Books about Islam in America by Muslim Women

Leading While Muslim:
The Experiences of American Muslim After 9/11

by Debbie Almontaser

This book examines the lived experiences of American Muslim principals who serve in public schools post-9/11 to determine whether global events, political discourse, and the media coverage of Islam and Muslims have affected their leadership and spirituality.

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When Islam Is Not a Religion:
Inside America's Fight for Religious Freedom

by Asma T Uddin

A galvanizing look at constitutional freedoms in the United States through the prism of attacks on the rights of American Muslims.

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American Muslim Women, Religious Authority, and Activism:
More Than a Prayer

by Juliane Hammer

Following the events of 9/11, American Muslims found themselves under unprecedented scrutiny. Hammer looks at the work of significant female American Muslim writers, scholars, and activists, using their writings as a lens for a larger discussion of Muslim intellectual production in America and beyond.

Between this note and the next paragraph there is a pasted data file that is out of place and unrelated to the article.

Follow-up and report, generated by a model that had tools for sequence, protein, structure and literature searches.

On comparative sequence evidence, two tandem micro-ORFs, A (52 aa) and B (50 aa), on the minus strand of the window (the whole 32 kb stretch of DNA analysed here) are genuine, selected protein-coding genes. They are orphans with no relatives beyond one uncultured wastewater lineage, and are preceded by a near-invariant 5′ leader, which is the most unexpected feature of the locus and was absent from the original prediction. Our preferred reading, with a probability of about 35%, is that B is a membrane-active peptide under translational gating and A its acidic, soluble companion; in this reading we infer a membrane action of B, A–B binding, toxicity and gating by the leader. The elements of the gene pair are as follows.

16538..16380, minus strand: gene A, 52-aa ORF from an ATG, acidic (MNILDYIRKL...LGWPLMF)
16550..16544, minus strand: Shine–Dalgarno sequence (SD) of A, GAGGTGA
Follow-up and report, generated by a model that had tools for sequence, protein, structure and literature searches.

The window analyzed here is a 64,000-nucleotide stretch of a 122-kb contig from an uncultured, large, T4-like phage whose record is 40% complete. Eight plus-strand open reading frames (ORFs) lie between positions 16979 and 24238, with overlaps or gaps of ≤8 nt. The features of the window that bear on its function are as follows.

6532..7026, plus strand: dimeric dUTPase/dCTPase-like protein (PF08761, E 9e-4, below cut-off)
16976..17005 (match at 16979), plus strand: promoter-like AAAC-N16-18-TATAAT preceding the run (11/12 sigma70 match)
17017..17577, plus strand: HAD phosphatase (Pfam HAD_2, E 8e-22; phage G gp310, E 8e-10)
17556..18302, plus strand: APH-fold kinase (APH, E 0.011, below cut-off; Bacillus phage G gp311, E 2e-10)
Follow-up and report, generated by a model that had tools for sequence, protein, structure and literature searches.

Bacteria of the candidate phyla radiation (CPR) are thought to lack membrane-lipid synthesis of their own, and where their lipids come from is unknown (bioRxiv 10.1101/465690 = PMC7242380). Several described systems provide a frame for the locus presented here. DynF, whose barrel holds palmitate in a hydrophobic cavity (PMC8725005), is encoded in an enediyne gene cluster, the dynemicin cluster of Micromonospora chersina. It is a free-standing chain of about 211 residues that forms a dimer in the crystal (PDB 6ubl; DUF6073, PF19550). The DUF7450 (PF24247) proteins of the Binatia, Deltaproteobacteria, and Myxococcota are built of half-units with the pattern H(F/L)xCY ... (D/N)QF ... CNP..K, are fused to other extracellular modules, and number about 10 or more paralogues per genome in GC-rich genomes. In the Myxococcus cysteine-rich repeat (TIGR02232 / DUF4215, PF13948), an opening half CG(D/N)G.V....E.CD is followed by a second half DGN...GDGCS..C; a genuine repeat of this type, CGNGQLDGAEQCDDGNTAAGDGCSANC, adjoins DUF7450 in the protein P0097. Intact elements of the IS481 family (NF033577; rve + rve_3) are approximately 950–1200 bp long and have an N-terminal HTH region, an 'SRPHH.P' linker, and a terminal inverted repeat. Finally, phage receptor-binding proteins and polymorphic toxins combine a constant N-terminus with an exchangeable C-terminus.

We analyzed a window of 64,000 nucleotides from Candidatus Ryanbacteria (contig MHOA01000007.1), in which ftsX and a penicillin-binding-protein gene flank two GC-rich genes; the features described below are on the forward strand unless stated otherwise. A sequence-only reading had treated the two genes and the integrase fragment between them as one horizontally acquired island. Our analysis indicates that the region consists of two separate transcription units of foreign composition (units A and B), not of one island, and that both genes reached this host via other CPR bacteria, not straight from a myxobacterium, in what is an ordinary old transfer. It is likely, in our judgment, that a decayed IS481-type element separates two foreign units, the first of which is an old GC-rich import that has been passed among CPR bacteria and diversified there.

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Muslim American Women on Campus:
Undergraduate Social Life and Identity

by Shabana Mir

An ethnographic study of women on Washington, D.C., college campuses reveals that being a young female Muslim in post-9/11 America means experiencing double scrutiny—scrutiny from the Muslim community as well as from the dominant non-Muslim community.

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Knowledge Ends Extremism

by Daisy Khan

A guide to counter extremism and Islamophobia, and to become an ambassador for peace.

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A Country Called Amreeka:
Arab Roots, American Stories

by Alia Malek

In a post-9/11 world, Arabic names are everywhere in America, but our eyes glaze over them; we sometimes don't know how to pronounce them or understand whence they come. A Country Called Amreeka gives us the faces behind those names and tells the story of a community it has become essential for us to understand. We can't afford to be oblivious.

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Peaceful Families:
American Muslim Efforts against Domestic Violence

by Professor Juliane Hammer

In Peaceful Families, Juliane Hammer chronicles and examines the efforts, stories, arguments, and strategies of individuals and organizations doing Muslim anti–domestic violence work in the United States.

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